Bogeyman Art Show blends image and story in a spooky exhibit
"You say boogie, I say bogey," says Eric Matelski, in response to questions about the pronunciation of the 'bogeyman' element of the Bogeyman Group Art Show now up at MacSpa.
Eric Matelski's facebook Prepartions for the MacSpa & ArtPimp- produced Bogeyman Art Show.
Inspired by the fact that his family treated Halloween like Christmas in his youth, and in honor of Denver's multi-cultural heritage, Matelski has produced his third edition of this show -- a display complete with ten artists' renditions of the multi-form spook of their youth. And each visual piece is coupled with a short, written story.
"Some [artists] are nervous," says Matelski of the transition from the artists' usual medium -- be it doll-making, painting, drawing -- to writing. "It's easier for people to come up with spooky or dark art than to have a story to go with it."
So he lets the artists -- including Kyle Banister, Jesse & Cori Buchholz, Patrick Gerace, Corrina Espinosa) -- do whichever comes easier first, then work at their own pace on the harder of the two. "Sometimes folks are intimidated by it," he adds. "Most times, though, they just have fun."
Before slasher films and Disney cartoons, stories like these of the bogeymen were used to keep kids in line, prevent their running off into the forest and doing naughty things.
Grab one of the free booklets of creepy stories at the special "Afraid of the Dark" reception that runs from 10 a.m. to 2 p.m. on Saturday, October 19 -- just before the Denver Zombie Crawl -- at the MacSpa. We've snagged a few of those stories along with their paired images to offer this sneak preview:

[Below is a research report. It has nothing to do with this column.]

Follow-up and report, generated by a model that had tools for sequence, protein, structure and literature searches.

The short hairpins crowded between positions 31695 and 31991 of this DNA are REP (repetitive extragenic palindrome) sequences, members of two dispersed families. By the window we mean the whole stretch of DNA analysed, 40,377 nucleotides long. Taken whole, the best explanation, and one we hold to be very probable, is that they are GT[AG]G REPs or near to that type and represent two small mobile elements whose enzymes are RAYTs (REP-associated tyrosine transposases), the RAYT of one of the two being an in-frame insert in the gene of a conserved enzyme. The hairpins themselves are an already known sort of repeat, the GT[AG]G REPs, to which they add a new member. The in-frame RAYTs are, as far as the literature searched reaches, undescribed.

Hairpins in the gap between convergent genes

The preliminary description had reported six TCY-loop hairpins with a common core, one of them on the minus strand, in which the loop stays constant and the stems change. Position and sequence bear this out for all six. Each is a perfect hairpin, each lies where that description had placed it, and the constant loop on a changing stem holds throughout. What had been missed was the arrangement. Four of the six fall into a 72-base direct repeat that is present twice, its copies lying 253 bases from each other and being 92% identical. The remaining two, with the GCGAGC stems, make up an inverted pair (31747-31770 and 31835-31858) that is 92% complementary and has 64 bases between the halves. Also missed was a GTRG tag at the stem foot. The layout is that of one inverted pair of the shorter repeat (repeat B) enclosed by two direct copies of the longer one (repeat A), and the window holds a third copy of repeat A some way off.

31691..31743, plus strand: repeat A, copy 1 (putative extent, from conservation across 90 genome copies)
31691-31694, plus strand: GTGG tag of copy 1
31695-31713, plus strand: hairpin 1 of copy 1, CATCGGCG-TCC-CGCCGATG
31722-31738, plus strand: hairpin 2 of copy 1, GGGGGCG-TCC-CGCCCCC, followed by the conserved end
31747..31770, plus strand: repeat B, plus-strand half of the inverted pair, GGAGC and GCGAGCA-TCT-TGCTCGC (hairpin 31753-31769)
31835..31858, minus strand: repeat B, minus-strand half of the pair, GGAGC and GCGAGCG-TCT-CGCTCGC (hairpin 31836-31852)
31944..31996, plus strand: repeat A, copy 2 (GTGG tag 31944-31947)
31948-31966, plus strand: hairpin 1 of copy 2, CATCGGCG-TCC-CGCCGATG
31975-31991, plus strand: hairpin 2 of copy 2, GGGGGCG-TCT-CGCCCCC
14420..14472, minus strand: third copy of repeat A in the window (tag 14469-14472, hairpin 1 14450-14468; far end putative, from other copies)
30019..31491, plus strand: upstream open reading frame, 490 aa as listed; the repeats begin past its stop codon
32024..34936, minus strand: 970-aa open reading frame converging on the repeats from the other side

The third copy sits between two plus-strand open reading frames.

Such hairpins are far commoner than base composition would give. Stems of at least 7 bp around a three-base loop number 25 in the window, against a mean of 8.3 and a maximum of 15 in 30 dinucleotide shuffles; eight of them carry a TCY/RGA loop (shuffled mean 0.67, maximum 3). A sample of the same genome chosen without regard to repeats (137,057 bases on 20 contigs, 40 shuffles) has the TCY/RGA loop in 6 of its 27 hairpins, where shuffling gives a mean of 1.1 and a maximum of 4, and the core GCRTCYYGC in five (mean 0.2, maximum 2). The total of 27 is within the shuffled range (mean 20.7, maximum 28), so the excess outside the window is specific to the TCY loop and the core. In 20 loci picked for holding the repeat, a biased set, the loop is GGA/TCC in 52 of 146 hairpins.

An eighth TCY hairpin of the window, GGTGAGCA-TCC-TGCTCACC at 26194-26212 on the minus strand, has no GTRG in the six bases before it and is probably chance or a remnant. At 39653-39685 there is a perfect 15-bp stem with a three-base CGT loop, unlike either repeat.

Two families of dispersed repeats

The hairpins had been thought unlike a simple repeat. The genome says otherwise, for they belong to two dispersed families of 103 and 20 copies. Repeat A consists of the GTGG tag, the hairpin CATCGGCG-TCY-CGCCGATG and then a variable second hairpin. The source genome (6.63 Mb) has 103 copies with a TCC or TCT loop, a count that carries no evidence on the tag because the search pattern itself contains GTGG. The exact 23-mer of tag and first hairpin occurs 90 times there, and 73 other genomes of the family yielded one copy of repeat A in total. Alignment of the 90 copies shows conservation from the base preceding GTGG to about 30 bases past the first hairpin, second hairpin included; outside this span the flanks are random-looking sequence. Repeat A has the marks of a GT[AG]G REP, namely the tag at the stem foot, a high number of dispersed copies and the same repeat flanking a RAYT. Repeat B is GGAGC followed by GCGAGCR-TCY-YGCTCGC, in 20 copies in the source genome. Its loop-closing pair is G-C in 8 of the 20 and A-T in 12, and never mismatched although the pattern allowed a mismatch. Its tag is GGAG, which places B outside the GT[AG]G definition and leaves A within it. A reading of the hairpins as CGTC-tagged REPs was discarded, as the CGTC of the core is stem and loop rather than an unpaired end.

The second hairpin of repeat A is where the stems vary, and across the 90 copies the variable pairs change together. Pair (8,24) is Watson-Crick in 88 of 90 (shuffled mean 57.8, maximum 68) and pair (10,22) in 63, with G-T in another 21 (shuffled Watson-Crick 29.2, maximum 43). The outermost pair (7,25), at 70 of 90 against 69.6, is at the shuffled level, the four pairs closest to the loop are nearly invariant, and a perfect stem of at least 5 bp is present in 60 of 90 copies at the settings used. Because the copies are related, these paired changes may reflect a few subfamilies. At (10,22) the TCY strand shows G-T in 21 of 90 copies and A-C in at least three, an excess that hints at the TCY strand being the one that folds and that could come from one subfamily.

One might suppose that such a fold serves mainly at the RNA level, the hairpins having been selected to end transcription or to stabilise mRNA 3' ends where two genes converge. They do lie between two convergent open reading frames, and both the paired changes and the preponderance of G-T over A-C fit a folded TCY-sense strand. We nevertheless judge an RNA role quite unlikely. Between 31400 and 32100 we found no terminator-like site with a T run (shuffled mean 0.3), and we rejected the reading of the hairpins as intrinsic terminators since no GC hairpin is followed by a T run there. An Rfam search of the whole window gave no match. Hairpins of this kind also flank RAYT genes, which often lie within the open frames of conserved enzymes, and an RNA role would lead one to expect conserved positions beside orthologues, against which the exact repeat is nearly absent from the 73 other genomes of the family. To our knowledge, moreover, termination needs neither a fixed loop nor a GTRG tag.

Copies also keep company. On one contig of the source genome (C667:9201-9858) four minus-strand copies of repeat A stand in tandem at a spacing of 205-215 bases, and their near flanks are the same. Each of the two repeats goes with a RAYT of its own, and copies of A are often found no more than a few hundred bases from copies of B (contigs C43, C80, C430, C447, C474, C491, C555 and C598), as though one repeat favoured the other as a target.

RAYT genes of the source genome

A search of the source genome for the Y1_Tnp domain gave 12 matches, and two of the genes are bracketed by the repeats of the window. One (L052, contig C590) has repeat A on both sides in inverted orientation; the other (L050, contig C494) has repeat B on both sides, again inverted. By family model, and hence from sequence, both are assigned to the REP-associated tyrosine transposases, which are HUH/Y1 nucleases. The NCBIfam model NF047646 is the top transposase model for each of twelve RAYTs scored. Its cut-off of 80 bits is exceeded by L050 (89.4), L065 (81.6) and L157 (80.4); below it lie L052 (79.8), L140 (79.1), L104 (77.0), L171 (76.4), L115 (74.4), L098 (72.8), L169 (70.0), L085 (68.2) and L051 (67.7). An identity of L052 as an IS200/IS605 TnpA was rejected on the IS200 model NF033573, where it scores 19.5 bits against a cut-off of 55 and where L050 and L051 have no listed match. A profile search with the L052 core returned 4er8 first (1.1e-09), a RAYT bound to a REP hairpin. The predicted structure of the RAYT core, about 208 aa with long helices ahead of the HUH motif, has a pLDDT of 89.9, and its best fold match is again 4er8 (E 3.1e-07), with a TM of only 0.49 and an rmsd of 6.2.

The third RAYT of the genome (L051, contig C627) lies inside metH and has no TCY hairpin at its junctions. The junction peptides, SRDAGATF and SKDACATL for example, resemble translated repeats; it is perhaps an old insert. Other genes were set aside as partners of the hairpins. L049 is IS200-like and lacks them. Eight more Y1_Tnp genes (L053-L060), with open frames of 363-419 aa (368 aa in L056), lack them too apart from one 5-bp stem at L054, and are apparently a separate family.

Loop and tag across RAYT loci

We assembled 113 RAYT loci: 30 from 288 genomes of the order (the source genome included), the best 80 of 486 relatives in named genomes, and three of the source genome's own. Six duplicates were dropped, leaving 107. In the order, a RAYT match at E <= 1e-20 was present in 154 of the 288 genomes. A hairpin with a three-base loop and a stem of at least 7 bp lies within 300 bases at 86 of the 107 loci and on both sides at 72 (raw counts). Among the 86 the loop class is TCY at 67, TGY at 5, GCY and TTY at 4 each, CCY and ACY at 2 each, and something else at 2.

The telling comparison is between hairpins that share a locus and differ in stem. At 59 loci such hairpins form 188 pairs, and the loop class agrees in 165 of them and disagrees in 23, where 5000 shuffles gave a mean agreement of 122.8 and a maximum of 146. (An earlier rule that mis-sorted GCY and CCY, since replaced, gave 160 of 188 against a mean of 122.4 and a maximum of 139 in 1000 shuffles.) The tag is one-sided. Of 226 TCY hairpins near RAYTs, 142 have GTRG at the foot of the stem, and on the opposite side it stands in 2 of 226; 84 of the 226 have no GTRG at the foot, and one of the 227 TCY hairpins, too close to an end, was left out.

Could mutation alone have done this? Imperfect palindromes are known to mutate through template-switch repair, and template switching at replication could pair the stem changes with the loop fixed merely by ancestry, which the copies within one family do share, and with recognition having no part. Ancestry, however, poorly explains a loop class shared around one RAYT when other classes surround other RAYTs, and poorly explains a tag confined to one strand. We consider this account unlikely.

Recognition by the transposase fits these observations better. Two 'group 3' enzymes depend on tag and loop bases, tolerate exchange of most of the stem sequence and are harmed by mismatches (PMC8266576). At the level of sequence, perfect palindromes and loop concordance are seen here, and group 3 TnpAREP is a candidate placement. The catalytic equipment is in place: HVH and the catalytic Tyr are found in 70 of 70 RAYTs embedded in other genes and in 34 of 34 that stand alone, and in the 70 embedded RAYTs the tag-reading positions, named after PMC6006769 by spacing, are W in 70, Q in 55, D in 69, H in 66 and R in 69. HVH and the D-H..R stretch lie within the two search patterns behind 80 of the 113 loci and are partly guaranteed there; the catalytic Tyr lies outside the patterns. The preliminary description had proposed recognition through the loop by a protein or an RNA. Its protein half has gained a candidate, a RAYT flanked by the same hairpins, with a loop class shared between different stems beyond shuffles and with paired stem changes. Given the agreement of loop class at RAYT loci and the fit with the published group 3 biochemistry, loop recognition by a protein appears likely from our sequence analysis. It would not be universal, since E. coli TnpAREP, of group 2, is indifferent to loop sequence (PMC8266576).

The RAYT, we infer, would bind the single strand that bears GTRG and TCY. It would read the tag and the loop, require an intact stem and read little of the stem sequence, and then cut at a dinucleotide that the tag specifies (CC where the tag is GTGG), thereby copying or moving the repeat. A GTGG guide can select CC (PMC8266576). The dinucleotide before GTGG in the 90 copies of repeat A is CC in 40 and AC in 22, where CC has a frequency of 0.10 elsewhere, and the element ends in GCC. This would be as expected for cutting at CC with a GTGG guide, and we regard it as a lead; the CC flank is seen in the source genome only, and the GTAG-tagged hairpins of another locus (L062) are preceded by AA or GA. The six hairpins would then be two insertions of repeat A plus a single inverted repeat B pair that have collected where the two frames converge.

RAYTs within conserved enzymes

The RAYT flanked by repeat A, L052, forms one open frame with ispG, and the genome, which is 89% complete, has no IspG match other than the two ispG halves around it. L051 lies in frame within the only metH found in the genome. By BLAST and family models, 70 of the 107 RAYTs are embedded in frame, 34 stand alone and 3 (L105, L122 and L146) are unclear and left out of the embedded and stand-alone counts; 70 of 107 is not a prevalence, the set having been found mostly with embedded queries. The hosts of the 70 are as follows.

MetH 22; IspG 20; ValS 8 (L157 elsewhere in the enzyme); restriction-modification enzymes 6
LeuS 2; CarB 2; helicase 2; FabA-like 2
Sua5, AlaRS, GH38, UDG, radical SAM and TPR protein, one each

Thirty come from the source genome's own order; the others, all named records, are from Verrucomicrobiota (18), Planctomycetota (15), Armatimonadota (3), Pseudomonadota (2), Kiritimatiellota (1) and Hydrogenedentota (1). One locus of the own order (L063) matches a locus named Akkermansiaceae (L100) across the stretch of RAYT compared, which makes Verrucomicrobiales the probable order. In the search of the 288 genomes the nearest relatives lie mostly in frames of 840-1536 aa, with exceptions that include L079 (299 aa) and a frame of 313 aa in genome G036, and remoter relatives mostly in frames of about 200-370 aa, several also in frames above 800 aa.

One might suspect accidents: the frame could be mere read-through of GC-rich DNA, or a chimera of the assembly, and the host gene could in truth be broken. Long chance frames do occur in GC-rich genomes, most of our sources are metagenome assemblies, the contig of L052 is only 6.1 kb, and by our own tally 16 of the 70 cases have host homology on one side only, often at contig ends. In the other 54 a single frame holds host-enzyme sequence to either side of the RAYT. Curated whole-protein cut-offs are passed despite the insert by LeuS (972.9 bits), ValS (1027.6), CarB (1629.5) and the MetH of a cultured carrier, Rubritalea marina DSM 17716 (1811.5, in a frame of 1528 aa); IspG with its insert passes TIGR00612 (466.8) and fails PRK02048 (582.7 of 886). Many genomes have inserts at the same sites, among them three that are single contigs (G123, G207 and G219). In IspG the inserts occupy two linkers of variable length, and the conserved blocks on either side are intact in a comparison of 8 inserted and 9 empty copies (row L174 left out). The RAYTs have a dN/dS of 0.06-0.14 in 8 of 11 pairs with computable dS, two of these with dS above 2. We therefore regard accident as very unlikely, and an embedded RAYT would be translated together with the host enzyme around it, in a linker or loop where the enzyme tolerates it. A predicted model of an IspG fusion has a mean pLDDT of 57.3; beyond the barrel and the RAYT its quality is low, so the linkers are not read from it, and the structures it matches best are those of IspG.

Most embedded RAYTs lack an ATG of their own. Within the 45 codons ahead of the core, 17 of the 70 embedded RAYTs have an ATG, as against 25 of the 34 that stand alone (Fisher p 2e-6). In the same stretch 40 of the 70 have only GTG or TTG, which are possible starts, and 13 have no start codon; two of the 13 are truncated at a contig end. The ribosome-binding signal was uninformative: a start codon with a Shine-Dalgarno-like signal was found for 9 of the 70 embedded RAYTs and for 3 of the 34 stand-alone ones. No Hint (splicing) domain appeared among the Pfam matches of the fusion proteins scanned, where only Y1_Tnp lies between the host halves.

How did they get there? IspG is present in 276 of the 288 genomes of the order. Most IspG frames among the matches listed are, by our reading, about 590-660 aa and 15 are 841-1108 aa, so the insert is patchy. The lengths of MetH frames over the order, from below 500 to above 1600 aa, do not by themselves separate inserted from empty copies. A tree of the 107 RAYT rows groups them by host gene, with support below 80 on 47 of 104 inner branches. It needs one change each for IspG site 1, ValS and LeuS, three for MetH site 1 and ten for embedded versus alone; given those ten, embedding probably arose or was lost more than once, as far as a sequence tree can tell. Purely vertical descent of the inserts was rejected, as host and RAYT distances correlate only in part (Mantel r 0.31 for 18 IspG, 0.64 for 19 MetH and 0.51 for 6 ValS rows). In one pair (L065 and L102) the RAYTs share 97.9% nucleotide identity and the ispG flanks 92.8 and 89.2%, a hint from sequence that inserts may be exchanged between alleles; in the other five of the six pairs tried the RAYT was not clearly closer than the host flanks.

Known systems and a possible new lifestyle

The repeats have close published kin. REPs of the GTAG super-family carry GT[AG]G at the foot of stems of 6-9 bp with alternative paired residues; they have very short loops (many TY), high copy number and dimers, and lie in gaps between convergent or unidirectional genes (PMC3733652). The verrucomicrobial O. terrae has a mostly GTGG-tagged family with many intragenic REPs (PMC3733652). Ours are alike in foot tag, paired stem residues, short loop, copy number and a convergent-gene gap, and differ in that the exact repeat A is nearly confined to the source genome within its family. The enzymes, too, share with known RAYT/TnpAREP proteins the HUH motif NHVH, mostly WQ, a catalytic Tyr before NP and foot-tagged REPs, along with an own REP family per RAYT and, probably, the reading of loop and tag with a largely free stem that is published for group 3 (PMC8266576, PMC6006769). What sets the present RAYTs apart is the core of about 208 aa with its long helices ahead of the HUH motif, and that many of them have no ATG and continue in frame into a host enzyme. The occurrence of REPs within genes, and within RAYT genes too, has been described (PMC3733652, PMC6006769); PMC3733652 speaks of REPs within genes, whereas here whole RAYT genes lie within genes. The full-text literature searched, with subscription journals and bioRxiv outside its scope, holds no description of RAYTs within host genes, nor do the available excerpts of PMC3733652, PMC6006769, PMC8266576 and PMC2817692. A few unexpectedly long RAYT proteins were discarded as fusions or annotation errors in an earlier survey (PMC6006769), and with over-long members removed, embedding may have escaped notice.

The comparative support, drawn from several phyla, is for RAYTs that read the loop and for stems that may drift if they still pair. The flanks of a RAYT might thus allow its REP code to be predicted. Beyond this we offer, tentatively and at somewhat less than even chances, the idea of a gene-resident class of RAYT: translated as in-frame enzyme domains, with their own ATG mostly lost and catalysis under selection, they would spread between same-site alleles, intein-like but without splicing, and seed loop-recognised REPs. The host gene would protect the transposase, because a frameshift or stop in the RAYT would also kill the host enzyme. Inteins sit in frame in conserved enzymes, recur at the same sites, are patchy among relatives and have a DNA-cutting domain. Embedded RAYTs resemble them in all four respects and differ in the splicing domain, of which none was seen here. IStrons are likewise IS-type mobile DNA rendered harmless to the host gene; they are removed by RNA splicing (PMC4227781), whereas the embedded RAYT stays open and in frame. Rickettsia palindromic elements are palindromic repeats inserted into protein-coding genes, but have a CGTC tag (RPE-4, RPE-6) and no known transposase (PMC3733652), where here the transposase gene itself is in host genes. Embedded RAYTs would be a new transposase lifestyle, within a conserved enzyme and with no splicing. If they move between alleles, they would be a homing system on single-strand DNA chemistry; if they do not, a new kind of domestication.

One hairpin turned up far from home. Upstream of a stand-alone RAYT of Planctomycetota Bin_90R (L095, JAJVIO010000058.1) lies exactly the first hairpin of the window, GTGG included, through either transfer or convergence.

"Luster," by Jesse Buchholz
I could say with confidence that when I was a young child, there wasn't much concern over a "monster under the bed/closet" or sounds in the basement/attic. What triggered my fears the most were actually my best fiends during the day - my stuffed animals. Whenever light from the moon or streetlamps came in through my window at night, it would fall upon my toys in such a way that I could swear they were staring directly at me. If I stared back at the stuffed animals long enough, my mind would play tricks and cause me to believe they were moving ever so slightly. I actually got in the habit of facing the toys away from myself before going to bed, or putting them away entirely.
This "staring" sensation would always seem to intensify after waking from a creepy or disturbing dream, as if my toys were waiting to continue the nightmare. To me, this is the true form of bogeymen - shadowy figures hiding in the dark, who use just the right amount of light to transform ordinary, harmless objects into a focal point of horror. These objects can also be something as simple as: a jacket on a peg, a hat on a coat rack, a floor lamp, a decoration on the wall, or anything that could be disguised in the right lighting.